Curtin University—where Simone Pettigrew is a Professor with the Faculty of Health Sciences—have their own autonomous shuttle bus. It runs on 100 per cent electricity, can carry up to 11 passengers and safely drive up to 45km per hour. It’s currently being programmed and will be on the road in the next couple of weeks.
At the World Congress on Public Health, Simone will present the results of a study of Australians’ attitudes to these vehicles and their perceptions of the positive and negative outcomes that are likely to result from the transition to these new vehicles.
Best of times, worst of times for Australian adolescents
Public forum with George Patton tonight
Today’s Australian adolescents are the best-ever nourished, educated and interconnected generation—but they also face unprecedented cultural, economic and social change.
Adolescence is a critical developmental phase for achieving human potential. It is characterised by dynamic brain development, a time when interaction with the social environment moulds the capabilities that an individual takes forward into later life.
But are we creating the conditions for adolescents and young adults to thrive?
Find out at this free public event with Melbourne Conversations tonight with Professor George Patton, psychiatrist and epidemiologist at the Murdoch Children’s Research Institute. He will discuss how the findings of the Lancet Commission on Adolescent Health and Wellbeing are transforming the way we think about this age group.
Multinational companies, like mosquitoes, are vectors of disease
Meet the man behind Australia’s tobacco plain packaging laws – Mike Daube, Curtin University
Big Tobacco with their armies of lawyers; multinational companies with huge advertising budgets; sports sponsorship and its subtle ability to associate unhealthy products with healthy activity – the modern public health battleground pits science-based policy against the mighty dollar.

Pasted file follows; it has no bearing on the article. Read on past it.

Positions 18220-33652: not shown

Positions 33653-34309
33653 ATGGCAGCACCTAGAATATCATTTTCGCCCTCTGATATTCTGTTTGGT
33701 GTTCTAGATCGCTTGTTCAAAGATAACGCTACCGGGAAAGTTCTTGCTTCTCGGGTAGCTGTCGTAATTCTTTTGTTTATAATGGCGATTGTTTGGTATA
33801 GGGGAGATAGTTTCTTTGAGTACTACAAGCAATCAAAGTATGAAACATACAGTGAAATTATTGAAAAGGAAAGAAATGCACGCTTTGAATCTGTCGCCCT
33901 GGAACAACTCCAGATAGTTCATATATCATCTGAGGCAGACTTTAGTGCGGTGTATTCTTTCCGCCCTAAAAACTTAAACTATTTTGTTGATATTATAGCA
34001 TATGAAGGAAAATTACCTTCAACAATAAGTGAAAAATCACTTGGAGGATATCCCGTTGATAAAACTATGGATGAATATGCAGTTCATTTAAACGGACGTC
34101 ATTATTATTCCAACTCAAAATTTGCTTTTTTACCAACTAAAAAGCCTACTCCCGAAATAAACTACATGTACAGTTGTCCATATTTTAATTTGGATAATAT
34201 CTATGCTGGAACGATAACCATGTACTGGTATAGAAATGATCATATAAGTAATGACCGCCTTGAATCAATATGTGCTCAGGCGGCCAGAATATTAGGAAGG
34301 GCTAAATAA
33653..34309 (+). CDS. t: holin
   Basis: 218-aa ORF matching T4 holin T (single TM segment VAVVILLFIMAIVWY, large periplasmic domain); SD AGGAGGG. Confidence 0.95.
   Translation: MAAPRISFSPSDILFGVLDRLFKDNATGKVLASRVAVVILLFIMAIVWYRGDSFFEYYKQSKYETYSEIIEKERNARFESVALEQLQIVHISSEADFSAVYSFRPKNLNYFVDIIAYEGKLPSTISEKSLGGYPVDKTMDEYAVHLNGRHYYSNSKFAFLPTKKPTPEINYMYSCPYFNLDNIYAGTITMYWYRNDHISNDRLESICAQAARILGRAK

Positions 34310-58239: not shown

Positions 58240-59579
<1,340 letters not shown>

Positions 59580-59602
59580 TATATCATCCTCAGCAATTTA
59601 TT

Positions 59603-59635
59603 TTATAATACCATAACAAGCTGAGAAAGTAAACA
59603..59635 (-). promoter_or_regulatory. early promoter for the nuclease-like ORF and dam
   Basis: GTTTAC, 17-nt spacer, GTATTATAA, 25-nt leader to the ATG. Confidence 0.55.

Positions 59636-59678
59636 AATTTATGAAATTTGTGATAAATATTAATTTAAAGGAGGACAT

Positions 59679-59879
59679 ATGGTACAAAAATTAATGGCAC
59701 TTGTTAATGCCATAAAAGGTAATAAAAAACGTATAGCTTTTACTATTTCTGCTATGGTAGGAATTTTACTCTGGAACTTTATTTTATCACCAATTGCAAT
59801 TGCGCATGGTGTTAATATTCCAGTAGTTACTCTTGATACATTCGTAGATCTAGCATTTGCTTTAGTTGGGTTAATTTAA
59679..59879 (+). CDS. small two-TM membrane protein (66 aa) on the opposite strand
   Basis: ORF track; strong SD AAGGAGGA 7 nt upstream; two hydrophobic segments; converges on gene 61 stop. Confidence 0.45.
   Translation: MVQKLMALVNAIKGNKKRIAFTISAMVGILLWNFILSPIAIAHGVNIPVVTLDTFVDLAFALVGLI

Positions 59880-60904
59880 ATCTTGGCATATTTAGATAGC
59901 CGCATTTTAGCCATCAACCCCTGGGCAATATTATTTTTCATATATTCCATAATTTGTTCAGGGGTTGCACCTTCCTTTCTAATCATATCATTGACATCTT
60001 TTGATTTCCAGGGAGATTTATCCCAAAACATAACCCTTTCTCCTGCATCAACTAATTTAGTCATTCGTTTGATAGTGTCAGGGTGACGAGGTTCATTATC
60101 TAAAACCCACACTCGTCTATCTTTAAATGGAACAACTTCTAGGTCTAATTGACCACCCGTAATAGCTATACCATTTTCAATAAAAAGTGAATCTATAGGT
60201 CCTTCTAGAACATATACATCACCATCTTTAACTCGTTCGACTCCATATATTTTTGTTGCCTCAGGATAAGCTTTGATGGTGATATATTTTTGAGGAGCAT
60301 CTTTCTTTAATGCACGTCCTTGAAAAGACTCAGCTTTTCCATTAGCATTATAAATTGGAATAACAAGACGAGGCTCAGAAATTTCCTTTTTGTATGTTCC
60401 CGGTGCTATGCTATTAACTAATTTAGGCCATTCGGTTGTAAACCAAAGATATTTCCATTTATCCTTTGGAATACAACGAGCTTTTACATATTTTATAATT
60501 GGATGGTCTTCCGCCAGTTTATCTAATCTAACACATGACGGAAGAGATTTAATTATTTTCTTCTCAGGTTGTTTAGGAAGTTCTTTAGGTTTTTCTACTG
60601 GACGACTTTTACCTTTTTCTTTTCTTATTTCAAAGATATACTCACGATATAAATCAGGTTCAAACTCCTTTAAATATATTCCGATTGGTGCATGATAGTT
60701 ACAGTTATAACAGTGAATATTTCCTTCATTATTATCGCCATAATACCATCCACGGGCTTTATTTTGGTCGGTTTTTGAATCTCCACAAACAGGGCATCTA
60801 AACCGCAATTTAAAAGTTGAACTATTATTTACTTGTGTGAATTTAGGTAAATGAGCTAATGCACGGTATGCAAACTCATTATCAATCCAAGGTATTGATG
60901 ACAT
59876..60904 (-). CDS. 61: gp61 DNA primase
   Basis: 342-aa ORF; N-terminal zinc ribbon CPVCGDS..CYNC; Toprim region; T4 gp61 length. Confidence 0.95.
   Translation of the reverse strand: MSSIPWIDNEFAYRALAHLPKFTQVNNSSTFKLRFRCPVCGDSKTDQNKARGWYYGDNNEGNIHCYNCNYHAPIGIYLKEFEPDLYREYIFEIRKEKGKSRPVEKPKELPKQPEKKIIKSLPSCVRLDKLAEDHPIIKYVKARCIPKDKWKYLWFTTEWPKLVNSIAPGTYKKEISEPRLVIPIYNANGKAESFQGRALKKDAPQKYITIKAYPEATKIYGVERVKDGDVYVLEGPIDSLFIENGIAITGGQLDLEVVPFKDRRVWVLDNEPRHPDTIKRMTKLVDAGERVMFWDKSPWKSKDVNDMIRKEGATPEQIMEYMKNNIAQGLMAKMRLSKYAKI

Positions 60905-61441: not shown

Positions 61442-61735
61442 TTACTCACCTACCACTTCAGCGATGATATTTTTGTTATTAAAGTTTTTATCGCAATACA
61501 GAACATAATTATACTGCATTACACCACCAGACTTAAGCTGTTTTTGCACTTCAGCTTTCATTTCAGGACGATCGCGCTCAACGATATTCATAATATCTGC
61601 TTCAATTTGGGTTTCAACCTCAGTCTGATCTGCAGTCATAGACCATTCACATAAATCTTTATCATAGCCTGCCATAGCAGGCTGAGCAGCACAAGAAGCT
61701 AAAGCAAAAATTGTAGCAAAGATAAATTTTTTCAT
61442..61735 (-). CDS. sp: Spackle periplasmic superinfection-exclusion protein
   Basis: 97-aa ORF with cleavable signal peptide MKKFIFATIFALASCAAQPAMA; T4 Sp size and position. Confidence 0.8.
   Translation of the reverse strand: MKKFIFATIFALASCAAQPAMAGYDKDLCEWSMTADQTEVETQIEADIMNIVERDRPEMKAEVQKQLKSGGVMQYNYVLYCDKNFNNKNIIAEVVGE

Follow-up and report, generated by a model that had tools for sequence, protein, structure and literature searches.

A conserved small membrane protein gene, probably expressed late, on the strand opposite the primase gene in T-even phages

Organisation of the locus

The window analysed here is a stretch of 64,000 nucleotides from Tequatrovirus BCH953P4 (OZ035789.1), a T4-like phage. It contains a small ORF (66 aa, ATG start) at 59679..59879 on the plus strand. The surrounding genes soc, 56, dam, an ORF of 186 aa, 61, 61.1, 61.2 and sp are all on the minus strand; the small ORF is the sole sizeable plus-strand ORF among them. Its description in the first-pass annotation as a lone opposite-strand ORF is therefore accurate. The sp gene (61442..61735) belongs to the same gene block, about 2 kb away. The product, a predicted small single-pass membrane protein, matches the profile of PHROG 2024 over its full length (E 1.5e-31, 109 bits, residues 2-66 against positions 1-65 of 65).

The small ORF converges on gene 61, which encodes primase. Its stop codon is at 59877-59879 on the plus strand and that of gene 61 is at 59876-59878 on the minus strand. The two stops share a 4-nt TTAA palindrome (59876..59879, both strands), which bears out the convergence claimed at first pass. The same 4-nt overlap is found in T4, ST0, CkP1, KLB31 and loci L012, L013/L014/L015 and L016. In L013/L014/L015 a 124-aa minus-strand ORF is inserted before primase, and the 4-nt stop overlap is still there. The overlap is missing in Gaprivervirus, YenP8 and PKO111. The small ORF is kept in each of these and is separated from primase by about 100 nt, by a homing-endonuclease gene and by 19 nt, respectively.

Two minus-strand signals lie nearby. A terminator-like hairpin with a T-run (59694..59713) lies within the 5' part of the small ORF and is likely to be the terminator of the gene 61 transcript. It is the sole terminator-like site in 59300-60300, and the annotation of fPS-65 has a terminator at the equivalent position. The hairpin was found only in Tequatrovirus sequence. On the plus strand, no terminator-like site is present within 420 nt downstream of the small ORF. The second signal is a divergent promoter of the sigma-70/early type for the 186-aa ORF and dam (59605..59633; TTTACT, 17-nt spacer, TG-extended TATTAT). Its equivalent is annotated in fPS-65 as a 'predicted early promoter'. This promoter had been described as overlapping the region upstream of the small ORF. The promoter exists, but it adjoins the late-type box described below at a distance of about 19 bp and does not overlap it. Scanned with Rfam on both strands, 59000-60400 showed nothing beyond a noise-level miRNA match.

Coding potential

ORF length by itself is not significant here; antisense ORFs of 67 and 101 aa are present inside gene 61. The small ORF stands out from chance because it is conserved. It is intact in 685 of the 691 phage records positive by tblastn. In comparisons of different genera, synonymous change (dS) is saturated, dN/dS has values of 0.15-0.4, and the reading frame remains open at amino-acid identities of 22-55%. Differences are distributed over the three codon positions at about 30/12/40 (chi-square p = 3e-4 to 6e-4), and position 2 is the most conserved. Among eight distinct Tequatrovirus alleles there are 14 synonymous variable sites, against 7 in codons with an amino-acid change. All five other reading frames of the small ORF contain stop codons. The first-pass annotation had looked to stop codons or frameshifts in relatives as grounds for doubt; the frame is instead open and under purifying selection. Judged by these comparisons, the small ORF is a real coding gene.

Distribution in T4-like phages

Mike Daube says the single most important obstacle for effective public health advocacy remains ruthless and determined opposition from powerful global and national industries and companies that are both vectors of disease and unrelenting in their efforts to prevent any action that would run counter to their interests. How do we make them accountable?
Mike will receive the World Federation of Public Health Associations highest honour, the Hugh Leavell Award for Outstanding Global Health Leadership.
People are dying: big tobacco, alcohol, gambling blocking public health policies
Tobacco, alcohol, and gambling are major causes of illness, misery, and premature death globally. But the implementation of public health policies that are known to reduce harm are often delayed or stopped by industry groups who place private profits ahead of public health.
Peter Miller, a Professor of Violence Prevention and Addiction Studies at Deakin University, has studied the tactics of the vested interests our policy makers are up against. The tactics include casting doubt on science, lobbying, spending huge sums on media and advertising campaigns, and ‘astro-turfing’—the creation or funding of fake grassroots groups or movements.
Peter’s particular expertise is in alcohol, including alcohol-related violence in licenced venues, links between alcohol use and emergency department admissions, and the influence of the global alcohol industry on public policy.Working with colleagues who specialise in tobacco and gambling, he’s seeing similar patterns of unhealthy corporate behaviour in these industries. More at www.industryinsight.info.